~The Hound~ I know Howard didn't care for this one, but I bask in its florid language. A story I really love, and probably my favorite in the book. The art by Bryan Bough was right on and so was Chad Fifer's adaptation.
~The Nameless City~ I like the story okay but I felt that the mural and story of the nameless race was too glossed over, as well as were other portions of the tale. But it was illustrated immensely well by Attila Futaki. Great coloring too.
~The Picture in the House~ A decent story and very interesting art by Mick McMahon. Although the end of this story I did not take so literal when reading it, and there seems to be a difference in chronology from the actual story to this. But I might be foolish in thinking the lightning blasting the house was the knife sundering the protagonist's skull.
~The Festival~ Another story, which I just don't care for. A story with a tainted lineage theme like in Innsmouth, but not as well crafted, much simpler and rather dull and even silly. Also, I really didn't care for certain elements of the adaptation. But the art, by Matt Timson, I quite enjoyed.
~The Statement of Randolph Carter~ I know, right? What an odd choice. A very early work of Lovecraft's, very straightforward, almost campy horror. And short too. I for some, reason have always liked this story. But I interpret it as cheesy, and the end line I hear in my head as being belched. You could use stick figures and adapt this thing well, but Self-Made chose Warwick Johnson Cadwell, who's art intrigues the heck out of me. Well done.
So there you have it. If you are a Lovecraft fan then you really should check this out. Self Made is doing wonderful things (Anthology 1 and Statement of Randolph Carter) for us and they deserve appreciation. The only reason I didn't give this a full five was because of the story choice. Also, highly recommended if you love comics and want to get into Lovecraft or see what he is all about. But I'd recommend volume 1 over this for better stories. Not necessarily better art though, but there is no accounting for taste, so who's to say you won't like the work in there better on both counts?
4.0 out of 5 stars Lovecraft fan? Then just buy it! March 2 2014
By Bjork Nut - Published on Amazon.com
Format:Kindle Edition|Verified Purchase
Seriously, don't hesitate. Why are you wasting time reading the reviews? Just buy it already. Artwork and adaptations are well done and do justice to the late great Mr. Lovecraft. So buy it already!!!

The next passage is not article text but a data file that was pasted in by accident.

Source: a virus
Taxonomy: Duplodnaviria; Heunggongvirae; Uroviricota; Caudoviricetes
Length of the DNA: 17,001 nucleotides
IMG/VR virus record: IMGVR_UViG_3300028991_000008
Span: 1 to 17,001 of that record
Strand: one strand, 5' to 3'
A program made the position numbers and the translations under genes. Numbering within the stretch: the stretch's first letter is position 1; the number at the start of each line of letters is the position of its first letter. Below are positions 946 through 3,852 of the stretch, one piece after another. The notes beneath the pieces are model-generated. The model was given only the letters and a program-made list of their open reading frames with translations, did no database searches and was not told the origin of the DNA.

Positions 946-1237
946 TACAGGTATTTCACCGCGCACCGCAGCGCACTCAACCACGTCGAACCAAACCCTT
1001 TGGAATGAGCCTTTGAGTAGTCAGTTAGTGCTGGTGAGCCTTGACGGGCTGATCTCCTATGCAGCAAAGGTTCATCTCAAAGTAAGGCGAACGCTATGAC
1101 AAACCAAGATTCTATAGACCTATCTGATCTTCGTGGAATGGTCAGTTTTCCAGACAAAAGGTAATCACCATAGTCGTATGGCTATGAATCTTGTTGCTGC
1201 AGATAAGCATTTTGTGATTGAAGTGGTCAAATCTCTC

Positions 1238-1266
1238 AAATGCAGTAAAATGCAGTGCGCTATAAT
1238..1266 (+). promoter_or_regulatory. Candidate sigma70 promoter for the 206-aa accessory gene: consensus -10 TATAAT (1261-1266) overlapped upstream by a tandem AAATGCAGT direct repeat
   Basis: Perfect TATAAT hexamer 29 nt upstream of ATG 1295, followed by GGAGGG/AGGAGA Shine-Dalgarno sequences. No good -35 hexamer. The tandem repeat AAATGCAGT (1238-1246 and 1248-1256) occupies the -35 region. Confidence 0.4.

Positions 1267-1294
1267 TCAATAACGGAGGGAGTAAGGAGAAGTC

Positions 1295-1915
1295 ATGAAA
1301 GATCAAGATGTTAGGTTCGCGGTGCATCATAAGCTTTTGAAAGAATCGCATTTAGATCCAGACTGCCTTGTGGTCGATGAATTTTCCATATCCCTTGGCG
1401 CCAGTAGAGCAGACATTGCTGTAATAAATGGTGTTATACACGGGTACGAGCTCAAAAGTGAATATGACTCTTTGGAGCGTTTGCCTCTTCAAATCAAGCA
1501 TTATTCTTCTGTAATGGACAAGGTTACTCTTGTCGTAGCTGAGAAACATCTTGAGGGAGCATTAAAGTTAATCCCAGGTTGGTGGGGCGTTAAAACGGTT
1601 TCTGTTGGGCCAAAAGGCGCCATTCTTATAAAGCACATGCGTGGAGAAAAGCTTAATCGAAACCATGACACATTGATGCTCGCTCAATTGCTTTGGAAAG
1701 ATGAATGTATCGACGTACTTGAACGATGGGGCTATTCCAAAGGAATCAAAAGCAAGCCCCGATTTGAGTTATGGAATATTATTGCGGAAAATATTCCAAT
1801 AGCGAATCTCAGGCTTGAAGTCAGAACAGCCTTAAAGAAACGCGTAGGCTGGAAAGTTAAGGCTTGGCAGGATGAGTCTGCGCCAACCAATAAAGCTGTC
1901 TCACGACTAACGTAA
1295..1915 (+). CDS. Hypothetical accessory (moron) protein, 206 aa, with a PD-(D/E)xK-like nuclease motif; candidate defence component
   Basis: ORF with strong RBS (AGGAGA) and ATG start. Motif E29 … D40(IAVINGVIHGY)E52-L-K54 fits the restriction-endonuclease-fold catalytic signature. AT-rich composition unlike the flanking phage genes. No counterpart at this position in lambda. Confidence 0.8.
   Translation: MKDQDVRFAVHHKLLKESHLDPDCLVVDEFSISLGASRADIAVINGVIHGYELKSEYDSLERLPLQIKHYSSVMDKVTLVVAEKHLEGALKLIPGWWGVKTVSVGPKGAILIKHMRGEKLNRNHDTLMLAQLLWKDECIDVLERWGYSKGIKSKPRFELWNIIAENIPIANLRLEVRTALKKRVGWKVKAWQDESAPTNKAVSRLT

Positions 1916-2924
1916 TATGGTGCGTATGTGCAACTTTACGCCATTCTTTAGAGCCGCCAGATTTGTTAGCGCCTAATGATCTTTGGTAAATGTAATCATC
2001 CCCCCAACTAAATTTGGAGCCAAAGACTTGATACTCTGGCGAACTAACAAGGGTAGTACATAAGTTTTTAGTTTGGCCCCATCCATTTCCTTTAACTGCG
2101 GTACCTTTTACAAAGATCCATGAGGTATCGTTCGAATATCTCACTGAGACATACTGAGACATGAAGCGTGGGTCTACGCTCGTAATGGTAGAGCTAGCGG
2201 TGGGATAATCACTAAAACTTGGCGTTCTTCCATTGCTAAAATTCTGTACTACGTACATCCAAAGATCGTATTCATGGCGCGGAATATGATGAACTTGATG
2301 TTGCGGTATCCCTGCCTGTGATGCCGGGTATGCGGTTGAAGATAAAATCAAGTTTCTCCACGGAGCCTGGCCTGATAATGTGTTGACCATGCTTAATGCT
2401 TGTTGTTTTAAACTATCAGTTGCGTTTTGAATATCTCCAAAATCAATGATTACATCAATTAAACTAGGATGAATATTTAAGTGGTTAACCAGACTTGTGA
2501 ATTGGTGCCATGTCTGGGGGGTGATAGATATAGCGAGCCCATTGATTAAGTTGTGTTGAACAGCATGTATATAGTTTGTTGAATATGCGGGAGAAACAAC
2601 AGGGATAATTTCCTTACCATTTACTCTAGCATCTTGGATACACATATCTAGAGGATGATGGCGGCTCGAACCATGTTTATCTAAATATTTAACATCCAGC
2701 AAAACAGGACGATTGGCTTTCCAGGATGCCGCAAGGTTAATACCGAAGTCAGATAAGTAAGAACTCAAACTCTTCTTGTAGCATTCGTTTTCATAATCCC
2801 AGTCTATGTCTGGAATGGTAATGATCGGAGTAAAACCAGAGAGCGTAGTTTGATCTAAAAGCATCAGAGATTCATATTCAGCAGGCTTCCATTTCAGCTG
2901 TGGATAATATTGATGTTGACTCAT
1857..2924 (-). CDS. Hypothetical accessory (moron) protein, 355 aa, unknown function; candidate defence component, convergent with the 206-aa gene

4.0 out of 5 stars This one is worth picking up for Pickman's Model, The Temple, and The Festival. Jan. 5 2014
By Fenrix - Published on Amazon.com
Format:Paperback
This one is worth picking up for Pickman's Model, The Temple, and The Festival.

The Picture in the House is a truly under-rated story, but the adaptation could have been a little more awesome. The woodcuts in the story are from an actual book. I would have loved to have seen the woodcuts used instead of renderings of those woodcuts in the same style as the rest of the comic.
5.0 out of 5 stars Great depiction of HPL that usually gets little attention. Sept. 4 2013
By Redmenace - Published on Amazon.com
Format:Paperback|Verified Purchase
As with all this line of Lovecraft adaptions this volume uses a wide variety of art styles to really remarkable effect. This volume goes after some of the lesser known short stories, some of which may have been illustrated before. If you like Lovecraft, by which I mean H.P.'s own words as opposed to his ongoing cultural dissemination and dilution, these should go well on your bookshelf.

I won't recomend it as the first of these volumes to get but if you like the others I imagine you'll find what you liked in them here as well. If you are a beginner I'd say try The Lovecraft Anthology: Volume 1 first. If you are more experienced the single novella volumes like The case of Charles Dexter Ward or At the Mountains of Madness mght suit you better and I think after that I think you'll come back for more.
ARRAY(0xb4bd2ca8)